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From Ruediger Pluem <>
Subject Re: Status of Bug # 39243
Date Sat, 03 Mar 2007 23:55:11 GMT

On 03/04/2007 12:28 AM, William A. Rowe, Jr. wrote:
> Nick Kew wrote:
>>On Sat, 03 Mar 2007 17:16:52 -0600
>>"William A. Rowe, Jr." <> wrote:
>>>I'm contemplating an HTTP/1.1-only solution, available only if the
>>>client is willing to present expect-header 100-continue, which would
>>>involve no buffering.
>>In principle:
>>+1 if it doesn't break current functionality with HTTP/1.0
>>-1 otherwise.
>>To the OP: why not apply the fix suggested in the bug comments?
>>Define the size you want to use.
> It wouldn't change existing behavior, if there's no expect-header, we
> cannot do a renegotiate because we have no way to confirm that the
> client isn't waiting for 100 continue.
> If the client presents 100 continue we could toggle this behavior to
> renegotiate immediately, prior to offering the 100 continue response.

I also thought along these lines, but it seems that IE / Firefox do not
send an Expect: 100-continue header with their POST requests or am I wrong?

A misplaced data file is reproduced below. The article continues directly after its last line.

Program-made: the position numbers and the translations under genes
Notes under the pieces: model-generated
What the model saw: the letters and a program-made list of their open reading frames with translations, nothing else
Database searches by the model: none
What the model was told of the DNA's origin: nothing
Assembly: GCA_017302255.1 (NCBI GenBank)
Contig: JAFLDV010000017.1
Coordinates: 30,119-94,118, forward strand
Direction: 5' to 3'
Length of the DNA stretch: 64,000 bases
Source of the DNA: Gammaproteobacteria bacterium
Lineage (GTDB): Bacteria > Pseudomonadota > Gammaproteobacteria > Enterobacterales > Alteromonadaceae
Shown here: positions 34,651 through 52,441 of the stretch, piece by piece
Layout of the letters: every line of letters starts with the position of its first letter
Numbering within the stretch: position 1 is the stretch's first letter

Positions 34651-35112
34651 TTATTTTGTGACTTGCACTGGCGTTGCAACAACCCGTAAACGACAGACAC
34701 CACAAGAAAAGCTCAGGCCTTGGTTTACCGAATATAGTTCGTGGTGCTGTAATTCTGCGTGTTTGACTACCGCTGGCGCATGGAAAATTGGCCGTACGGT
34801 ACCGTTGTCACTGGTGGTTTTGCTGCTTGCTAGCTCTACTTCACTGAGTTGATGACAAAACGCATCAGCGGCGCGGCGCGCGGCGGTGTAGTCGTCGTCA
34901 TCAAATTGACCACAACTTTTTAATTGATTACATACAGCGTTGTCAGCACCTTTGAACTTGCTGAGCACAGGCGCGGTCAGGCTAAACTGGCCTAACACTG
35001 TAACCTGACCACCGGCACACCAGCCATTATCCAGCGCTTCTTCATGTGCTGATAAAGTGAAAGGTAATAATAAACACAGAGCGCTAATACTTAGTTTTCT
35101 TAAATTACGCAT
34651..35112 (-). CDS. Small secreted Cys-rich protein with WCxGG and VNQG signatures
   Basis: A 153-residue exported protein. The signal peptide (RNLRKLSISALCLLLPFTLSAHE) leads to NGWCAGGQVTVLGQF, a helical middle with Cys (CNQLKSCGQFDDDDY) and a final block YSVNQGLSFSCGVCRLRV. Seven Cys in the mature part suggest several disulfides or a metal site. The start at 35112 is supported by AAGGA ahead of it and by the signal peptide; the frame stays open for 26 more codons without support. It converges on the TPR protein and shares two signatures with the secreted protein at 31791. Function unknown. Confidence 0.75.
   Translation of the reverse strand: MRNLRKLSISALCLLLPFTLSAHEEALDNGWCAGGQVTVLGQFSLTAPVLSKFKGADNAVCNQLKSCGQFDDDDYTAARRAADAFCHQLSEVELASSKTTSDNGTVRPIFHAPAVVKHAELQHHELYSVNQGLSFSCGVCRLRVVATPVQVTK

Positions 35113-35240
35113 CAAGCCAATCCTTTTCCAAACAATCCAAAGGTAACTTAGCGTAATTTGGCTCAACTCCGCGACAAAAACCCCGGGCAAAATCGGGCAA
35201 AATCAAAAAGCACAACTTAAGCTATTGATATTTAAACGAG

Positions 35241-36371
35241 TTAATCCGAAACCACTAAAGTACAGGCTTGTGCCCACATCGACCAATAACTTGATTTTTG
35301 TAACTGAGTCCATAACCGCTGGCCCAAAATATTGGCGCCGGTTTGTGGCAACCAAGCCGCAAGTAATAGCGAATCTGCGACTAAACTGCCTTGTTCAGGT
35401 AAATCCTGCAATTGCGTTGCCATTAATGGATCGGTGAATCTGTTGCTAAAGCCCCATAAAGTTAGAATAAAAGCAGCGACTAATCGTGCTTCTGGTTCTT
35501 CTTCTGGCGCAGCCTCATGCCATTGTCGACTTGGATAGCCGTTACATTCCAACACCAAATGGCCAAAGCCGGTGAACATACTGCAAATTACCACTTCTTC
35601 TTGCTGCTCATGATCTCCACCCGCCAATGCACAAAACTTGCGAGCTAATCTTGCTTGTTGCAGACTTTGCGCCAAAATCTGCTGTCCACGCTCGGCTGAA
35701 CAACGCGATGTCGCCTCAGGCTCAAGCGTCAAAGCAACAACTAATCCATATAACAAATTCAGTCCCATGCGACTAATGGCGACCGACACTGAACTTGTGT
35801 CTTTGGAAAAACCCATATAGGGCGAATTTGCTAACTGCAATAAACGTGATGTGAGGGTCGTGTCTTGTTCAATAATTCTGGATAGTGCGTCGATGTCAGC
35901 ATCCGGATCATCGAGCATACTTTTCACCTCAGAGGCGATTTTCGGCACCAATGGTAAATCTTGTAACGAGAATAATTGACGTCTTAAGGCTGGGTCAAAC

In this case this would not help.

BTW: I think if the client sents an Expect: 100-continue header this already
works today, at least according to the comments in ssl_hook_Access of
ssl_engine_kernel.c and a first quick analysis of the code:

    /* If a renegotiation is now required for this location, and the
     * request includes a message body (and the client has not
     * requested a "100 Continue" response), then the client will be
     * streaming the request body over the wire already.  In that
     * case, it is not possible to stop and perform a new SSL
     * handshake immediately; once the SSL library moves to the
     * "accept" state, it will reject the SSL packets which the client
     * is sending for the request body.
     * To allow authentication to complete in this auth hook, the
     * solution used here is to fill a (bounded) buffer with the
     * request body, and then to reinject that request body later.



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